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Putin speaks of Nord Stream explosions at Russian Energy Week — hinting at guilty parties
Explosions on the Nord Stream gas pipelines are a “most dangerous precedent” and “an act of international terrorism,” said President Vladimir Putin during the Russian Energy Week forum in Moscow, as reported by the Interfax.
On the night of September 26, leaks were found on three strands of the Nord Stream 1 and Nord Stream 2 gas pipelines. Gas was leaking into the Baltic near the Danish island of Bornholm. The Swedish police established that the pipelines had been damaged by explosions.
At the forum, Putin speculated that the incident could have been organized by someone who is “technically capable” and already “resorted to sabotage, was caught red-handed, but remained unpunished.” “Highly likely,” he said in English. “It’s clear who stands behind this.” But he did not clarify any more.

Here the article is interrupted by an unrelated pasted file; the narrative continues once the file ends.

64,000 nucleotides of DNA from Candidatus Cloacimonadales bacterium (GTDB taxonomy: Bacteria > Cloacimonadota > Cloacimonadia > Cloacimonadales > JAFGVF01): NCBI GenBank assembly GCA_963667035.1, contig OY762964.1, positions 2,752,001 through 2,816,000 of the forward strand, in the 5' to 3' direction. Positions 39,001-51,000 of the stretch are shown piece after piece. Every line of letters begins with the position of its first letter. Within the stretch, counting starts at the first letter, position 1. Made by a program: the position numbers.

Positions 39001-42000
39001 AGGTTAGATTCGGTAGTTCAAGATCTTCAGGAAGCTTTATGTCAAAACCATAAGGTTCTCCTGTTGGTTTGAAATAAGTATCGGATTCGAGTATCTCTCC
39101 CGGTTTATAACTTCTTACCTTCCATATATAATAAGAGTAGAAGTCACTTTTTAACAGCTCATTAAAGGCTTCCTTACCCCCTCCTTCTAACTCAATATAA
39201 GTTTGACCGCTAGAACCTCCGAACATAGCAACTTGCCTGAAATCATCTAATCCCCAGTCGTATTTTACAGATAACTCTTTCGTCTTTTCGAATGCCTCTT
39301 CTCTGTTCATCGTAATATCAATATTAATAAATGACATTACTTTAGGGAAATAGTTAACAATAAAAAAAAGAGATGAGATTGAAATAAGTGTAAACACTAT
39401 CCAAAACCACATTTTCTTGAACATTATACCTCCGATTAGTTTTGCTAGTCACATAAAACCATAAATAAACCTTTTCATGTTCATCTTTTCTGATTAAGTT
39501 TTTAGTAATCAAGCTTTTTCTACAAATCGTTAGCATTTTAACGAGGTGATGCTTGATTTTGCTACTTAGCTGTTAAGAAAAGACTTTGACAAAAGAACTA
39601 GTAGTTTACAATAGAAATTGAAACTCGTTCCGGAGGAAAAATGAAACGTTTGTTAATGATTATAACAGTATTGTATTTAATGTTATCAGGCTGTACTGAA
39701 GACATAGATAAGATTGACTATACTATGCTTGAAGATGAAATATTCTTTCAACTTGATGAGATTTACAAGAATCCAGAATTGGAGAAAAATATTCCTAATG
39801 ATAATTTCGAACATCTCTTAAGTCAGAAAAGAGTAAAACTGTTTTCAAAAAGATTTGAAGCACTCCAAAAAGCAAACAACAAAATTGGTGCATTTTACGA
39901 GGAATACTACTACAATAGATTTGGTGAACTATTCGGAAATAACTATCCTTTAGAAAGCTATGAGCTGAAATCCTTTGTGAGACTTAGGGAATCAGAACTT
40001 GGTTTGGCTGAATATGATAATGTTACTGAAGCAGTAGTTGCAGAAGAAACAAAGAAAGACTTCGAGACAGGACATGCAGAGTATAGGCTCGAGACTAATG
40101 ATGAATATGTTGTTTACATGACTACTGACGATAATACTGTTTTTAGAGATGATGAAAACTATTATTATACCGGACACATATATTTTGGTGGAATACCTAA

It’s possible that he may have been referring to a recent statement by Gazprom — whose spokesman reminded that a NATO underwater mine disposal vehicle was discovered near Nord Stream in 2015. In reality, this was a Swedish mine-clearance vehicle, probably lost there during an exercise the year before. At the time, the Swedish authorities stressed that it posed no danger to the pipeline. The story had been covered by RIA Novosti, as well as others.
At a different point of his talk, Putin noted that the biggest beneficiaries of the Nord Stream incidents were Ukraine and Poland (thanks to the remaining pipeline segments that deliver Russian gas to Europe across their territories). The United States, too, stands to gain, according to Putin, since it “can now supply energy resources at high prices.”
Earlier, Putin spoke of the Nord Stream blasts as the work of “the Anglo-Saxons.”
Meanwhile, the Ukrainian authorities and some European politicians attribute the explosions to Russia. They think that the Kremlin may have tried to sow panic in Europe just before the heating season’s start.
The explosions took place in the Swedish economic zone. Sweden’s authorities declined to share the results of their investigation with Russia.
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